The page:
For all their fundamental differences, Brahms first and third symphonies are similar in one important respect:  their respective middle movements are rather too small scaled, in content as well as in extent, for the imposing movements which adjoin them.  The Finale of the Symphony No. 3 is again an accomplishment of the first order, the equal of the first movement, if not its superior.  It rolls upon us with a fast, sultry figure in the deep strings.  The theme as such is not impressive, but it immediately experiences the most astonishing development.  The eerie sultriness of the opening is discharged in a magnificent storm, exalting and refreshing.  The second theme, in C major, brilliantly and emphatically intoned by the horn, soon makes way for a third, in C minor, even more forcefully introduced.  At the peak pf all this imposing development, one naturally expects a brilliant, triumphal conclusion.  But with Brahms, and with Brahms alone, it is well to be prepared for the unexpected.  This Finale moves imperceptibly from the key of F minor to that of D major, the raging winds subside to a mysterious whisper – long sustained chords in the winds are interrupted by the light rustlings of the muted violins and violas in thirds and sixths.  The movement draws to a close, strangely, inconclusively, but most beautifully.

 

Many music lovers may prefer the titanic force of the First, others the untroubled charm of the Second.  But the Third strikes me as artistically the most perfect.

 

[First published in 1883.]

 

Pleasants, Henry, trans. & ed., Music Criticisms 1846-99  Eduard Hanslick, Penquin Books, 1963, pp. 210-213.

 

Symphony No 4

 

Since its first performance in Meiningen, this symphony has enjoyed a series of triumphs.  Everyone who had read the enthusiastic reports from Frankfurt, Cologne, and Elberfeld, and even those who had not, expected something great and unique.  What symphony of the last thirty or forty years is even remotely comparable with those of Brahms?………

 

All these virtues are abundantly present in his Fourth Symphony; they even seem to have gained in stature – not in melodic invention, perhaps, but certainly in executive craftsmanship.  Individual preference may favour one or other of Brahms’s symphonies; my particular favourite is the Third.  But I do not want to exclude the possibility that my opinion may change when I have become equally familiar with this latest work.  Neither its treasure of ideas nor its chaste beauty is apparent at a first glance; its charms are not democratic.  Manly strength, unbending consistency, am earnestness bordering on acerbity – basic characteristics of all Brahms larger works – constitute the decisive factors.  In the new symphony they create their own form and their own language.  Independent of any direct model, they nowhere deny their ideal relation to Beethoven, a factor incomparably more obvious with Brahms than with Mendelssohn and Schumann.

 

The E minor Symphony begins with a simple, somewhat thoughtful idyllic theme, which, after some exposition, finds a vigorous, defiant counterpart.  The movement ends strong and stormy.  Despite an abundance of ingenious counterpoint, the piece is clear and transparent.  The listener does not – and need not – perceive that the theme, with its soft lamentation, is repeated canon-like in the bass.

 

Deeper and more direct is the effect of the Adagio, the most exquisite movement of the whole work and one of the most beautiful elegies Brahms ever wrote.  There is a peculiar sweet and warm atmosphere in it, an enraptured charm which miraculously blossoms into ever-new tone colours, until, at last, it fades away into soft twilight.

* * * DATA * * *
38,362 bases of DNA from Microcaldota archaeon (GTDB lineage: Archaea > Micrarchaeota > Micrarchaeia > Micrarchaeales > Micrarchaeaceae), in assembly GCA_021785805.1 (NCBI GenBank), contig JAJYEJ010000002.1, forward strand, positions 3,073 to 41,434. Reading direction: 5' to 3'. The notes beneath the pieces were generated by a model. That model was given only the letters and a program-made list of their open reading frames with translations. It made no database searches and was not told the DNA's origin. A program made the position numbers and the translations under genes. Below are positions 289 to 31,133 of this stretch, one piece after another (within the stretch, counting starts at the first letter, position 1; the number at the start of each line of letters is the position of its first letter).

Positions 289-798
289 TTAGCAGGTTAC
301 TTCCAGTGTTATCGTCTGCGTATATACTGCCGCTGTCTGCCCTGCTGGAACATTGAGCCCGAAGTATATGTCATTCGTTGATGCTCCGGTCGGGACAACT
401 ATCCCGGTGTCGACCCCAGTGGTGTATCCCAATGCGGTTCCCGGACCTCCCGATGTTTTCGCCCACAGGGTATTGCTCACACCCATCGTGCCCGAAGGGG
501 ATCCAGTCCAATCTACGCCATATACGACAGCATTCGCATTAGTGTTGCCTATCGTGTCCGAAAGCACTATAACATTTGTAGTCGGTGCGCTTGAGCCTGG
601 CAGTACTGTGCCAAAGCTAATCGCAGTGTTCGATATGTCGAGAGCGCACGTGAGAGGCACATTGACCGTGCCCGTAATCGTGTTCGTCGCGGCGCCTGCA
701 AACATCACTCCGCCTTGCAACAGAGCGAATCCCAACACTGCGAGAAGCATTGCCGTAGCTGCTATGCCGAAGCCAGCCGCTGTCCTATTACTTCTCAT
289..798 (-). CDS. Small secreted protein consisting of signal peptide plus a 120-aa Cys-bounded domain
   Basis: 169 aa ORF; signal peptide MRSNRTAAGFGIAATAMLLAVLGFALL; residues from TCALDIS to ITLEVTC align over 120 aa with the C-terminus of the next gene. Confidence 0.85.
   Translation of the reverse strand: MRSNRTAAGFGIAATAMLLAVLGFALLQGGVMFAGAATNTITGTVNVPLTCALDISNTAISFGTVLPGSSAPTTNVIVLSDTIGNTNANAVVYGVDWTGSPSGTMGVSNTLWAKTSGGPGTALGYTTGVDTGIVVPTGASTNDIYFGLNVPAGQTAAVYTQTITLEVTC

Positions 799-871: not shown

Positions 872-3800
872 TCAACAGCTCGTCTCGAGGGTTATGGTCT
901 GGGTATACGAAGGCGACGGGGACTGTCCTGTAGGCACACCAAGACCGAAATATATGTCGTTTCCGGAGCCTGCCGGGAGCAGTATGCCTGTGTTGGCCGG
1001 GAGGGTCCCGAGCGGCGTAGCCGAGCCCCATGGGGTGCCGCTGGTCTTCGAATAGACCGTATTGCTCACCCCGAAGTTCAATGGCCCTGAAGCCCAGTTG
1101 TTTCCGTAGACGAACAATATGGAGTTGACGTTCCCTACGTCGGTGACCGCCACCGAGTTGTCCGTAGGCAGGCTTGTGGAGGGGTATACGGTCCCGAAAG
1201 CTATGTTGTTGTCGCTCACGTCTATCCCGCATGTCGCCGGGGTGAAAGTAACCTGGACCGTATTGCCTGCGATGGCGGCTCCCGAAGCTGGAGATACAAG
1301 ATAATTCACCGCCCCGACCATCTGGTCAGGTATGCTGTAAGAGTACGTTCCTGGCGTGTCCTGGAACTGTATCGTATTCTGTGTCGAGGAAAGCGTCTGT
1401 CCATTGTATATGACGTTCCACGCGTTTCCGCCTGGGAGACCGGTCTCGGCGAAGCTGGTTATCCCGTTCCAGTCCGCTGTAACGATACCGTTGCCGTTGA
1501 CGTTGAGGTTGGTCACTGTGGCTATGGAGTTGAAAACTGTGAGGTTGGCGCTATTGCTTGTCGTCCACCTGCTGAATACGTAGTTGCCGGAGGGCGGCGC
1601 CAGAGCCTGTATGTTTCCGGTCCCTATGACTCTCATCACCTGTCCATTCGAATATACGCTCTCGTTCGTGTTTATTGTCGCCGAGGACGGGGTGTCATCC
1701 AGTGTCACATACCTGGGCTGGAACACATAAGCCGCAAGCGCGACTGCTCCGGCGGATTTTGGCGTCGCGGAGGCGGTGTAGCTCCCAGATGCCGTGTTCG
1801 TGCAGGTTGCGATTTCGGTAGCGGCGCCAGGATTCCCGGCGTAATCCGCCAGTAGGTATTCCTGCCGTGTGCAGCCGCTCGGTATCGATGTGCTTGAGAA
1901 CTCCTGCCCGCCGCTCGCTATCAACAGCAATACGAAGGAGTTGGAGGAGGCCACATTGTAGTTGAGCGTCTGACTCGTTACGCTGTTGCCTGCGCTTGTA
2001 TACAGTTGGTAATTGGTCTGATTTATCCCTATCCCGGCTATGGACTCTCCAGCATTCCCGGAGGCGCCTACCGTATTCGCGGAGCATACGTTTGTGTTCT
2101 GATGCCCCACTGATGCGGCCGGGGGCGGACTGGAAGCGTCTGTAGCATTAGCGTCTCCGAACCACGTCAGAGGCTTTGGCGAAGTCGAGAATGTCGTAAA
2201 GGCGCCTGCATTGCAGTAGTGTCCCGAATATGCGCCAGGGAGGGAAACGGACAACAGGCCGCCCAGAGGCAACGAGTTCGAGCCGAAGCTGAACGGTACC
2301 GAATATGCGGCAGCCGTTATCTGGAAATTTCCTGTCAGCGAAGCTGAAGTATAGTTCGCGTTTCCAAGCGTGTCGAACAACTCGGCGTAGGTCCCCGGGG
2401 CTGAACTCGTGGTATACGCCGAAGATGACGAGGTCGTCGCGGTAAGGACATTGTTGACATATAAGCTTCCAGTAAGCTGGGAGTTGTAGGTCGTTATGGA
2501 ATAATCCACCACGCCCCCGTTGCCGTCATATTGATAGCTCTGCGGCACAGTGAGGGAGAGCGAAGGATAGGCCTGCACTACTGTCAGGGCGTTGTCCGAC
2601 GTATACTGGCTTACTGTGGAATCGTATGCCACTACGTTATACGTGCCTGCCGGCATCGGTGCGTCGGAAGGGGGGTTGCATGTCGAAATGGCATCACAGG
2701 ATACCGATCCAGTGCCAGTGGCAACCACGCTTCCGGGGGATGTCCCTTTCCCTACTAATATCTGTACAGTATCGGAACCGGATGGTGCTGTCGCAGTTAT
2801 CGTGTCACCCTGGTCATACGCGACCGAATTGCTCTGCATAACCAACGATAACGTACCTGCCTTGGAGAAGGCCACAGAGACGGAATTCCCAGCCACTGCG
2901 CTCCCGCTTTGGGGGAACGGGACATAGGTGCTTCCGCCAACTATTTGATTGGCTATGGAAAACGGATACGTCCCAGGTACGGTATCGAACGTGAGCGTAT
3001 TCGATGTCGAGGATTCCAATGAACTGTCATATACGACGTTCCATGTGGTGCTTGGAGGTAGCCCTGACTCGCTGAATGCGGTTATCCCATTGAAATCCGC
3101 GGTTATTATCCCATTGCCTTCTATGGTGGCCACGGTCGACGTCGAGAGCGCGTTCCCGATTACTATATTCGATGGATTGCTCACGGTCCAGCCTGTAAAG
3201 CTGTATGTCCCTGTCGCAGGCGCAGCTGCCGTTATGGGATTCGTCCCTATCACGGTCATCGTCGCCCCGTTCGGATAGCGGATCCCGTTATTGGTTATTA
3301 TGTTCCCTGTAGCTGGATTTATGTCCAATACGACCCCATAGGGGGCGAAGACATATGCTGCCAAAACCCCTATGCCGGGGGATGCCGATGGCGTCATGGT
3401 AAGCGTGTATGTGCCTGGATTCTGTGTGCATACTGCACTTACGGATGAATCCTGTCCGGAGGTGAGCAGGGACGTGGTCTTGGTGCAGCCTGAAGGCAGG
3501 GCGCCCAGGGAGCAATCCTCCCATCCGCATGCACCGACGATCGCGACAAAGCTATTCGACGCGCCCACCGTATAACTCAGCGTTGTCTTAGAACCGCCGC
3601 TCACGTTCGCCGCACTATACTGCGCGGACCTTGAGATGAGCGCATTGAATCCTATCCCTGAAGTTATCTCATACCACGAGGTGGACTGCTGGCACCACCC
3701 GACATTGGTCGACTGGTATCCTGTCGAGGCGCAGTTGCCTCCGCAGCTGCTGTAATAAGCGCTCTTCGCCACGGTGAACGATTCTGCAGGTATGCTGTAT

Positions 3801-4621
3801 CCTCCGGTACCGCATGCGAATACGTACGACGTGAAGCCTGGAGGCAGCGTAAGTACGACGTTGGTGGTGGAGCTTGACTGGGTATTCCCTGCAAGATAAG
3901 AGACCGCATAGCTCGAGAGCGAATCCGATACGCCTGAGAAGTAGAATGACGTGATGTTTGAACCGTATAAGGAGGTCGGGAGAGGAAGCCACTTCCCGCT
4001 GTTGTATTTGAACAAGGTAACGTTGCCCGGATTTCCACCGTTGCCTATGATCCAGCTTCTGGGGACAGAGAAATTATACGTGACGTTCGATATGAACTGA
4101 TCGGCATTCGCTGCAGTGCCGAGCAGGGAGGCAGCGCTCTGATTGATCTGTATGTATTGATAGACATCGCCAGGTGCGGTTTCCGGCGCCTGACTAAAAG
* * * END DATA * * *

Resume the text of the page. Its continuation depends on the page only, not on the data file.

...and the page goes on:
The theme of the Scherzo announces itself boldly – Schumann would have called it “forward” – until its brusque humour is tamed by a second, rather commonplace melody.  A lively sixteenth-note figure in the violins meanders charmingly through the dialogue of these two themes.  Piccolo and triangle are added to the instruments already employed, achieving an effect of lights subtly withheld.

 

The Finale, although it begins very “energetically” and is ingeniously complex in its nature, seems, on the whole, rather reflective than passionate.  Trombones appear, for the first time in the whole symphony, with a series of abrupt chords.  They lead directly to the theme which, in eight measure periods, is continually varied in the form of the old chaconne or passacaglia.  This is done with an inexhaustible wealth of structural variation and with an astonishing harmonic and contrapuntal art never conspicuous as such and never an exercise of mere musical erudition.  This form is completely novel for a great symphonic finale, and every detail in it is novel too.  It is the most ingenious of all, but it is also the least popular, possibly because its size is out of proportion to the melodic material.  For the musician, there is not another modern piece so productive as a subject for study.  It is like a dark well; the longer we look into it, the more brightly the stars shine back.

 

[First published in 1886.]

 

Pleasants, Henry, trans. & ed., Music Criticisms 1846-99  Eduard Hanslick, Penquin Books, 1963, pp. 243-245.

2 Comments leave one →
  1. April 29, 2014 6:31 am

    Excellent reviews, I really enjoyed reading them. I am new to Classical/Romantic music, I first discovered Mozart, then Beethoven who was, is and will always be my favorite. I can’t describe how his music speaks to me… I’m now branching out after having exhausted Beethoven’s nine symphonies and a few selected favorites of Mozart, I’m branching out to Schubert and Brahms. I love Schubert’s ninth, it never gets old. I heard Brahms’ first symphony just yesterday and fell in love with it, immediately bought the other three symphonies and will give them a listen as soon as I can! Thanks again for the reviews, very well written and thought out.